Every month, BeAngels profiles one member to shed light on the profile of business angels within our community. March's profile focuses on one of our women members, Corinne Saunders. Although her background was broad and varied after two decades of executive career, Corinne loves learning and innovation, so becoming a business angel was only a natural step.
Can you tell us a bit more about your professional background?
After studying economics and languages in France, I moved to the US where I lived and worked for five years, which has been critical in forging my corporate identity. Upon my return to Europe, I spent the next 25 years working for large Multinationals in BtoB services (American Express, Dun&Bradstreet, Wolters Kluwer) as a Global "Corporate Intrapreneur," opening or scaling new markets/ entities and/or pivoting them in Europe, Asia, and South America. I always worked closely with our M&A teams in sourcing, negotiating, and integrating small new assets.
For the last few years, I have worked for Private Equity firms as a Strategic advisor and as an Interim Operational Executive. For the last 15 years, in parallel, I have acted as a Non-Executive Director on several international boards, first within the Joint Ventures operated by Dun& Bradstreet and then on tech European boards.
How did you become an angel?
Throughout my professional life, I gained significant experience by identifying and assessing “small assets” (startups or scale-ups) to accelerate growth plans and integrated several within the large corporate environment. I experienced first-hand the challenges faced by those entrepreneurs to adapt to this new environment. I also saw how much fun and stimulating it was to work with people who had created and were passionate about their own businesses. In parallel, I mentor for PWI (Professional Women International), including for the founders of 2 startups, accompanying them from conceptualisation to launch.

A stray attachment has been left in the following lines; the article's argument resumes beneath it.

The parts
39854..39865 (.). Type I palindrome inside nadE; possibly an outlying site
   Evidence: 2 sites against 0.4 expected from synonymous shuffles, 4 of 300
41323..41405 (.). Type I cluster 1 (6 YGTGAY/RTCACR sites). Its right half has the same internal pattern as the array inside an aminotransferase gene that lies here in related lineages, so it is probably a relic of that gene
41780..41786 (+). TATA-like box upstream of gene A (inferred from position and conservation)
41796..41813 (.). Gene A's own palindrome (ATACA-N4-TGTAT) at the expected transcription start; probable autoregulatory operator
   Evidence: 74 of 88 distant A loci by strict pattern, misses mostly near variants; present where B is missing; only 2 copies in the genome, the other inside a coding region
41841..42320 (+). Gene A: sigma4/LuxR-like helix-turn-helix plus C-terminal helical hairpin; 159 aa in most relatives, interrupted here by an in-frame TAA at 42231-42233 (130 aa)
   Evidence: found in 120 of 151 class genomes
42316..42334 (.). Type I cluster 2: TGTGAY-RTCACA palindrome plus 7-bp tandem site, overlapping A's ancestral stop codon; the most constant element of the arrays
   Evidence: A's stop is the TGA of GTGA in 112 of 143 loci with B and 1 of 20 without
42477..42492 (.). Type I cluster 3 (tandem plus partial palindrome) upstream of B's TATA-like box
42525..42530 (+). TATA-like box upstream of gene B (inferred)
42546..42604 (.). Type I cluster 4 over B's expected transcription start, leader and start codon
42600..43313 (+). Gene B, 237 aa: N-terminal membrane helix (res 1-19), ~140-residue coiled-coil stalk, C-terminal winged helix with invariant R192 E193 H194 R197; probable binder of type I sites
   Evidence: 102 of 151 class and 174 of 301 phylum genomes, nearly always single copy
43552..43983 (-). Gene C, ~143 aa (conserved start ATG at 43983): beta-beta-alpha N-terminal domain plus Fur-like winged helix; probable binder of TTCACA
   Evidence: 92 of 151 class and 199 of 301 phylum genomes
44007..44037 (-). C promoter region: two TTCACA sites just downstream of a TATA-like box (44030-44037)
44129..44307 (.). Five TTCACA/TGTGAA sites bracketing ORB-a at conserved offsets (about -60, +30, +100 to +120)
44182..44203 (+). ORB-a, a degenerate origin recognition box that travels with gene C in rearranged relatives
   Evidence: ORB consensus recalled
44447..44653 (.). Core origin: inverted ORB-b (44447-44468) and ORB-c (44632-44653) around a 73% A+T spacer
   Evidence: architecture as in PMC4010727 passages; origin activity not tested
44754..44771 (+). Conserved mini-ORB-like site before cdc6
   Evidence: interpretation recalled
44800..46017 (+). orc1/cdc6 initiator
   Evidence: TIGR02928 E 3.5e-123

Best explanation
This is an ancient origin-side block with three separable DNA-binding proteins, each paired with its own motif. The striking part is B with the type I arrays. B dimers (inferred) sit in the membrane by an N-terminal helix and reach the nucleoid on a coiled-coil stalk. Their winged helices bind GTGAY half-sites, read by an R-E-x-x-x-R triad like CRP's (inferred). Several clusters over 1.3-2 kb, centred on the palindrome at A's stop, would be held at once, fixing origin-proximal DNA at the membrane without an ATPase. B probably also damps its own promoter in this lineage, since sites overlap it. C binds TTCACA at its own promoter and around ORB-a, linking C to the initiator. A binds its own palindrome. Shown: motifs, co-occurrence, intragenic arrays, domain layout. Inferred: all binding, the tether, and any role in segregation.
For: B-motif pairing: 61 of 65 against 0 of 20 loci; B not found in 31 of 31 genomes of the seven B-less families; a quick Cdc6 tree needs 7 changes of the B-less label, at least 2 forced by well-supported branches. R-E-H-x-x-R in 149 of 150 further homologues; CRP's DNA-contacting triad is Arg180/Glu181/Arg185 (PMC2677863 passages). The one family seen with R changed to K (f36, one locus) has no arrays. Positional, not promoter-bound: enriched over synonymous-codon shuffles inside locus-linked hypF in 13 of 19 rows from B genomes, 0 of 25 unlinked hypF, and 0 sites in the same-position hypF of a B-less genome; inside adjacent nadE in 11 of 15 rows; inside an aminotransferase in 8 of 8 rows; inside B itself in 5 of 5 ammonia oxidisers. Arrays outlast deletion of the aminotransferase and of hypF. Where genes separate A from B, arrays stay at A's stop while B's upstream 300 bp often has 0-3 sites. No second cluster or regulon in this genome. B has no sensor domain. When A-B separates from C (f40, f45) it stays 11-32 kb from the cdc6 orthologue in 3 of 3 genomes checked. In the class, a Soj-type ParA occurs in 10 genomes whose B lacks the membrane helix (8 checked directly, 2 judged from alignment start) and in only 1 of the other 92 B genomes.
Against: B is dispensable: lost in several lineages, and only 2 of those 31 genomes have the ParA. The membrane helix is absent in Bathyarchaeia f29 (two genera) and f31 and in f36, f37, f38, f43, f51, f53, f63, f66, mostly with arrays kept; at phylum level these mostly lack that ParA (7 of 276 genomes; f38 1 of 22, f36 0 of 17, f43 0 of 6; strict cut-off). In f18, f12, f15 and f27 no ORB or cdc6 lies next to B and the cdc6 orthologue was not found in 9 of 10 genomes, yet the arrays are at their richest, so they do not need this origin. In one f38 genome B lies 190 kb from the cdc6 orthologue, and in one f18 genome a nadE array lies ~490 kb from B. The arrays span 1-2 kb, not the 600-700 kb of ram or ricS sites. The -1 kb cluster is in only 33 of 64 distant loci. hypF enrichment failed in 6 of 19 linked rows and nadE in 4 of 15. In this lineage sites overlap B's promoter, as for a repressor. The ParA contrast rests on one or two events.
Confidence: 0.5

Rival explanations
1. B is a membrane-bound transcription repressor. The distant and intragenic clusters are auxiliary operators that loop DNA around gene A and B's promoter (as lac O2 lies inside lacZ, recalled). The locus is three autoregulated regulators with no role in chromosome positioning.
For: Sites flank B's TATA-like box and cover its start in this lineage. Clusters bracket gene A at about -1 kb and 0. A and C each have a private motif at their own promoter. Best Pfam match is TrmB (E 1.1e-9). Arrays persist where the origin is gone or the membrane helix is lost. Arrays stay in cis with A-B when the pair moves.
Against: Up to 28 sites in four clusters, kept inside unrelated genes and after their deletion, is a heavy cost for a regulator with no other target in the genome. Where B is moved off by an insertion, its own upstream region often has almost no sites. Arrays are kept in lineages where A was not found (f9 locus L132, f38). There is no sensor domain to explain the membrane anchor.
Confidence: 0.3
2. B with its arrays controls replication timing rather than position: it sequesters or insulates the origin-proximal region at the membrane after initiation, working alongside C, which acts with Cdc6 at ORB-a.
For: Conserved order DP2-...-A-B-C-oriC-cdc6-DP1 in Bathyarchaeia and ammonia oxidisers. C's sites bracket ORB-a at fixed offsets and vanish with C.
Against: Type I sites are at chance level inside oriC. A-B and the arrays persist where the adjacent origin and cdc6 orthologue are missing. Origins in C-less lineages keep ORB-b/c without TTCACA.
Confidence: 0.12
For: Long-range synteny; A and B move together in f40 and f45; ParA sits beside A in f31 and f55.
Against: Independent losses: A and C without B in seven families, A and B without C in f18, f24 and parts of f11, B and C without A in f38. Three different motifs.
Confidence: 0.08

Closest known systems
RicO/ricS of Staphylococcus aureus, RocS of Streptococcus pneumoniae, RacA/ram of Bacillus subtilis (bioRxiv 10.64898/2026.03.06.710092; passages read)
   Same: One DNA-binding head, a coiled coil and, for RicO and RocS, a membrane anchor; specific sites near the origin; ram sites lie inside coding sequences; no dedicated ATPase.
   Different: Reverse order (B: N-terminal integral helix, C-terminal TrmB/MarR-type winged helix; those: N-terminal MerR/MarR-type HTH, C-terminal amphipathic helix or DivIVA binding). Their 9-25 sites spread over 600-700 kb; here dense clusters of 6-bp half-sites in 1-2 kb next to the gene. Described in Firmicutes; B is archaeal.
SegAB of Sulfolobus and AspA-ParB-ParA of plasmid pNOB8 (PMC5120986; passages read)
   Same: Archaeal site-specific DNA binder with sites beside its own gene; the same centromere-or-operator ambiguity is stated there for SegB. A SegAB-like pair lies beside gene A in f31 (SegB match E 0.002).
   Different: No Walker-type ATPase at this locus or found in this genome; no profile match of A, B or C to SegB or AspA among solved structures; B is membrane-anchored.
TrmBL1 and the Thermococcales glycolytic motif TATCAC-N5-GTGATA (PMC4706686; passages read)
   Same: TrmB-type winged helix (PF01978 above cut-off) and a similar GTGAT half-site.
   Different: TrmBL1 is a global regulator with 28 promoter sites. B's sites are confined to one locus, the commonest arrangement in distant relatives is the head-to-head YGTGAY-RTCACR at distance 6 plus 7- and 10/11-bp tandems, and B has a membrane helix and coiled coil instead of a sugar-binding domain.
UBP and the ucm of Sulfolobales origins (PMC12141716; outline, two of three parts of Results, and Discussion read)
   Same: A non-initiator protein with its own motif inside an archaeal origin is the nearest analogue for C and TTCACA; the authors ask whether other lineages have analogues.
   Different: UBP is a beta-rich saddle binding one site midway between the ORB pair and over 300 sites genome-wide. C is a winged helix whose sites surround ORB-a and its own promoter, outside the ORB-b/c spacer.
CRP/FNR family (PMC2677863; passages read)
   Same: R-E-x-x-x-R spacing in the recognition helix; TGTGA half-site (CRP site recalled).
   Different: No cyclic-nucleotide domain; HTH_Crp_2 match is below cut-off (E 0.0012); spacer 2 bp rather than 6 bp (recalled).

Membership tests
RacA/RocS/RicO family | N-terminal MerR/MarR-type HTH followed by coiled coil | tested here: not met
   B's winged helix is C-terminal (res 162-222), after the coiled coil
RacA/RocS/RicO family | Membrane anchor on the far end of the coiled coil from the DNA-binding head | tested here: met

All this has motivated me to become an active part of our local Benelux entrepreneurial ecosystem. Having the opportunity to learn how to invest personally in startups in a collegial group manner, as we do at BeAngels, is attractive. Combining investment training offered by BA Academy with group investment is one of the safest and most progressive ways of becoming an angel investor. I am excited about the next few months and all the learnings this brings.
Do you consider your experience and background an advantage to investing in startups?
Indeed. To be a business angel is to actively support entrepreneurs and their teams by providing industry or functional knowledge. It has to be a constructive and insightful collaboration over and above the financial support.
Being able to bring well-rounded business experience coupled with in-depth execution in a particular field is a great advantage.
Do you gain anything from investing in startups on a personal level?
Personally, I believe it is a very rich experience on many fronts. Firstly, it is a great learning experience. By nature, entrepreneurs work on finding new solutions to existing challenges, whereas by introducing new processes, leveraging new technologies and diversifying channels for product distribution, by hearing monthly about pre-selected start-ups, you stay at the forefront of what is happening in Fintech, Med Tech, HR tech and new concepts of living and working on the innovation front.
Secondly, participating in an investor’s group is a very valuable approach. You are confronted with colleagues from very different backgrounds and profiles who must come together for a majority decision on 2 to 3 start-ups during their year-long engagement.